By Mike McKibbin
The way Chuck Lautenbach looks at it, he has a great job as a volunteer at Lutheran Medical Center in Wheat Ridge.
“How many people get to tell hundreds of people where they can go?” the 95-year-old Golden resident said as he received an award for his volunteering. “Nicely, of course.”
Lautenbach was one of eight senior citizens honored at the Senior Heroes 2018 award presentation at the Mountain Vista Senior Living Community in Wheat Ridge on Thursday, May 10. The Seniors’ Resource Center and Jefferson County Council on Aging presented eight awards for volunteer work.
Lautenbach has volunteered 12 to 15 hours a month at Lutheran Medical Center in Wheat Ridge for the past quarter-century.
Debbie Anderson with Lutheran Medical Center wrote in her nomination that Lautenbach, a U.S. Army veteran, began his volunteer work as a “mailman.”
“His upbeat personality led to friendships with the staff throughout the hospital, who affectionately nicknamed him ‘Chuckles’,” Anderson wrote in her nomination. “Chuck went on to oversee the daily operations of the hospital’s Blue House tea room and consignment shop ….”
After the Blue House closed, Lautenbach volunteered at the info desk, Anderson added, “as he loves to be near other volunteers and staff and help hospital visitors. Chuck loves to talk with staff and visitors and knows no strangers ....”
Another honoree, Geraldine “Gerry” Johansson, 93, of Arvada, has volunteered 13 hours a month for 34 years at the Apex Community Center of Arvada. Earlier in life, Johansson served in the USO during World War I.
“As Gomer Pyle would say, ‘golly, thank you, thank you, thank you,” Johansson said to laughter from the crowd.
“Through Gerry’s efforts and talents with crafts, she helped the Apex Center raise funds for projects such as purchasing automatic doors, lobby furniture and kitchen appliances for community use,” wrote Dale Marshall, volunteer specialist at the center, adding that despite receiving a pacemaker 28 years ago and a few replacements, Johansson has not slowed down.
“At 93 years young, she amazes everyone with her humor, wisdom and hard work ....”
Senior Heroes have been honored for about 17 years to bring attention to the likelihood many agencies would be hard-pressed to provide services without volunteers and to recognize volunteer efforts.
Each February, nominations are sought from hospitals, libraries, senior centers, faith communities, cities and retirement communities. Between 20-45 nominations are received and honorees are chosen by a group of three representatives each from the SRC and the council on aging:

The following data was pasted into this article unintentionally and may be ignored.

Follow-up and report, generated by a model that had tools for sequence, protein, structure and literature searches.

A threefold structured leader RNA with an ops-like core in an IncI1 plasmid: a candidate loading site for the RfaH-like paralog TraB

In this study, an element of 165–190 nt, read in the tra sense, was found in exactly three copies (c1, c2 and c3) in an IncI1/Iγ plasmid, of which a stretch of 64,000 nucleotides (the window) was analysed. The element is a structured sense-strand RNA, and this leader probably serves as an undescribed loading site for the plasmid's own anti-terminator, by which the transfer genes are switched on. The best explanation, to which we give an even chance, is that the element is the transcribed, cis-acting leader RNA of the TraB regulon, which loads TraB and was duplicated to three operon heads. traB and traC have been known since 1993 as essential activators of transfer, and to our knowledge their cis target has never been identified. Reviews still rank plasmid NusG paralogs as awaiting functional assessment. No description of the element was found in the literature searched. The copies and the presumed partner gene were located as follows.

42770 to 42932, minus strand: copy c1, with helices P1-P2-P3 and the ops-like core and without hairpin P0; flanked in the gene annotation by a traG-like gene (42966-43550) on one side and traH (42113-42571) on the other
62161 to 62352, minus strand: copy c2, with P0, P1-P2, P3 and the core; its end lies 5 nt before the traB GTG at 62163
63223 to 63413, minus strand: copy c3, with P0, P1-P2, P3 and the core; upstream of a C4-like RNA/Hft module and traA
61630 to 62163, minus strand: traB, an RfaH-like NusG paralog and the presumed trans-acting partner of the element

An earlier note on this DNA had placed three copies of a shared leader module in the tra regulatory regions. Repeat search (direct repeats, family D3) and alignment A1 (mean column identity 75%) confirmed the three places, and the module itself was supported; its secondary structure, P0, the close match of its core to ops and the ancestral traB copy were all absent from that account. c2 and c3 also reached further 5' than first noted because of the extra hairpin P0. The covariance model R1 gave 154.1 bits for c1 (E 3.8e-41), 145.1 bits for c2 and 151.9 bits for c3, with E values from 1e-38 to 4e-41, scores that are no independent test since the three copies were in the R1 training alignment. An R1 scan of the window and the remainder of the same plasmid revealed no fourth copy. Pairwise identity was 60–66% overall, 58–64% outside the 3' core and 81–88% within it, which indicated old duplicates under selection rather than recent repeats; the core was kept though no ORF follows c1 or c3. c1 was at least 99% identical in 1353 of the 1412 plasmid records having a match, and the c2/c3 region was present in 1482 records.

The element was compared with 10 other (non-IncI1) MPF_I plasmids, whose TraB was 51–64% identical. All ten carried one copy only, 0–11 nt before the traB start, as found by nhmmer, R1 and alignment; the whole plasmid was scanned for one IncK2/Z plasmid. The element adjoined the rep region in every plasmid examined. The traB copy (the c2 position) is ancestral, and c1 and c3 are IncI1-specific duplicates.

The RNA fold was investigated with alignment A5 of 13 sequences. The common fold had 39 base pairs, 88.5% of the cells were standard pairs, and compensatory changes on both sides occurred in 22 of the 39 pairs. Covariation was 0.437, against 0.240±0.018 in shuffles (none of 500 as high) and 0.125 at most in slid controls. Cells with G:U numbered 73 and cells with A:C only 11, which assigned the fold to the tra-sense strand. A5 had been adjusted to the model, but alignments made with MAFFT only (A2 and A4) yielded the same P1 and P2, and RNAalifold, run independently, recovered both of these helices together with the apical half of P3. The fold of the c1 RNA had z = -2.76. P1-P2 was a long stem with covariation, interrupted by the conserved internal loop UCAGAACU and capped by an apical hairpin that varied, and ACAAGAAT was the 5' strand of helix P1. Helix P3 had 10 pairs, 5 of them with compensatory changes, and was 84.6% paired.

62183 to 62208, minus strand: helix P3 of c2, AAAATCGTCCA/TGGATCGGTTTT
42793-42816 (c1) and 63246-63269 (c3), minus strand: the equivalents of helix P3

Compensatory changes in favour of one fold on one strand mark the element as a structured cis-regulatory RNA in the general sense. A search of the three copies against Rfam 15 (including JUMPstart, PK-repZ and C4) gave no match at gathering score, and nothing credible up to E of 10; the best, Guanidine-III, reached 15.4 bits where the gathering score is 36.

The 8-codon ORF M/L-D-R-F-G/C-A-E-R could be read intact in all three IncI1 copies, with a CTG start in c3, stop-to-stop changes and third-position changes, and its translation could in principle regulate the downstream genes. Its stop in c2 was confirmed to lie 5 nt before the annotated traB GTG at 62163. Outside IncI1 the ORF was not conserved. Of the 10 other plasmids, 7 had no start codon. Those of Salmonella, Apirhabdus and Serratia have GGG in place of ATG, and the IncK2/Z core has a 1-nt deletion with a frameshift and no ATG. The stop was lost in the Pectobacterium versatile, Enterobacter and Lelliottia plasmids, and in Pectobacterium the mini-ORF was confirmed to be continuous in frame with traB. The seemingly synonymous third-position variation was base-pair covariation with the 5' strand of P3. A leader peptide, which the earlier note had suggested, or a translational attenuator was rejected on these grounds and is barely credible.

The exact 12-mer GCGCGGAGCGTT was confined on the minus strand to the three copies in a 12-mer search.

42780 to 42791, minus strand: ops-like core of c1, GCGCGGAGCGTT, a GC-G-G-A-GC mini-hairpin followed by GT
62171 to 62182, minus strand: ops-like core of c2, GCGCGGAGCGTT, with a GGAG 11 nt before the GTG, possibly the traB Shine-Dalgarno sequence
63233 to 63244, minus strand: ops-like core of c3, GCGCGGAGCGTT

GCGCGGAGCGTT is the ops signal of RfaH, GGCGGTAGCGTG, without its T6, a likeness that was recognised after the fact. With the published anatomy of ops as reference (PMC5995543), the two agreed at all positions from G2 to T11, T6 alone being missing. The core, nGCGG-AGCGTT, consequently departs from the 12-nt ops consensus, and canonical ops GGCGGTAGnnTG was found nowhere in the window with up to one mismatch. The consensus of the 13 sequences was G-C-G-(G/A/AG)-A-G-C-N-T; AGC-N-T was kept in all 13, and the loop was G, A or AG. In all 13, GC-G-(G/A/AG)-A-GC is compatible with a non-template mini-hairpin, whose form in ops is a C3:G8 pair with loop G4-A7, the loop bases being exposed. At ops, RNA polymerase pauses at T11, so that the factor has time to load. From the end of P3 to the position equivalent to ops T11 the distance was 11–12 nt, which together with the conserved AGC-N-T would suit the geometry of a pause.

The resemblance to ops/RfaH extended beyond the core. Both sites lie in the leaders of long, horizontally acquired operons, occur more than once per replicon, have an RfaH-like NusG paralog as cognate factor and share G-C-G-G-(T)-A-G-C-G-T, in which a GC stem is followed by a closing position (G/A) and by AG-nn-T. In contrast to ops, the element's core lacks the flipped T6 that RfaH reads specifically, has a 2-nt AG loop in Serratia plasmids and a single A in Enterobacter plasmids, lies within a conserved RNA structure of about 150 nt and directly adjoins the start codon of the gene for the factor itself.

Charles “Charley” Ault, 71, of Arvada, volunteered more than 20 hours a month for 19 years at the Wheat Ridge Optimist Club.
Wade Hammond of the club noted Ault is a board member, past holder of various offices with the Optimists, and headed up a Junior Optimist Club. Those clubs teach area teens how to help the community through volunteerism, Hammond wrote in his nomination.
“Charley lives out the Optimist creed of a ‘friend to youth’,” he added. “He gives time to the children of the community through the Christmas and Immediate Needs programs that serve 300 kids per year. In 2017, the gifting program provided 65 families with Christmas gifts and food cards.”
Cynthia Best, 70, of Evergreen, volunteered 60 hours a month for the last seven years at the Mount Evans Home Health Care & Hospice in Evergreen.
Lori Carpenter, director of volunteers for the program, wrote that Best “multi-tasks” for Mt. Evans as a volunteer receptionist, organizing fund-raising events and performing data entry tasks.
“She is described as dedicated and hard-working,” Carpenter wrote. “… Cynthia is known for her meticulous and confidential work ethic, all done with the special compassion needed in a hospice and care environment.”
Judith Gordon, 79, of Golden, volunteered 12 to 15 hours a month for the last eight years at the SRC’s adult day and respite care center in Wheat Ridge.
Tia Sauceda with the SRC noted Gordon presents a weekly specialized reminisce discussion group for seniors with dementia.
“Judith puts much into the program by devoting thought and energy to what clients will respond to via music, special topics and getting to know each participant,” Sauceda wrote. “Additionally, Judith volunteers in the SRC kitchen with food prep and cleaning.”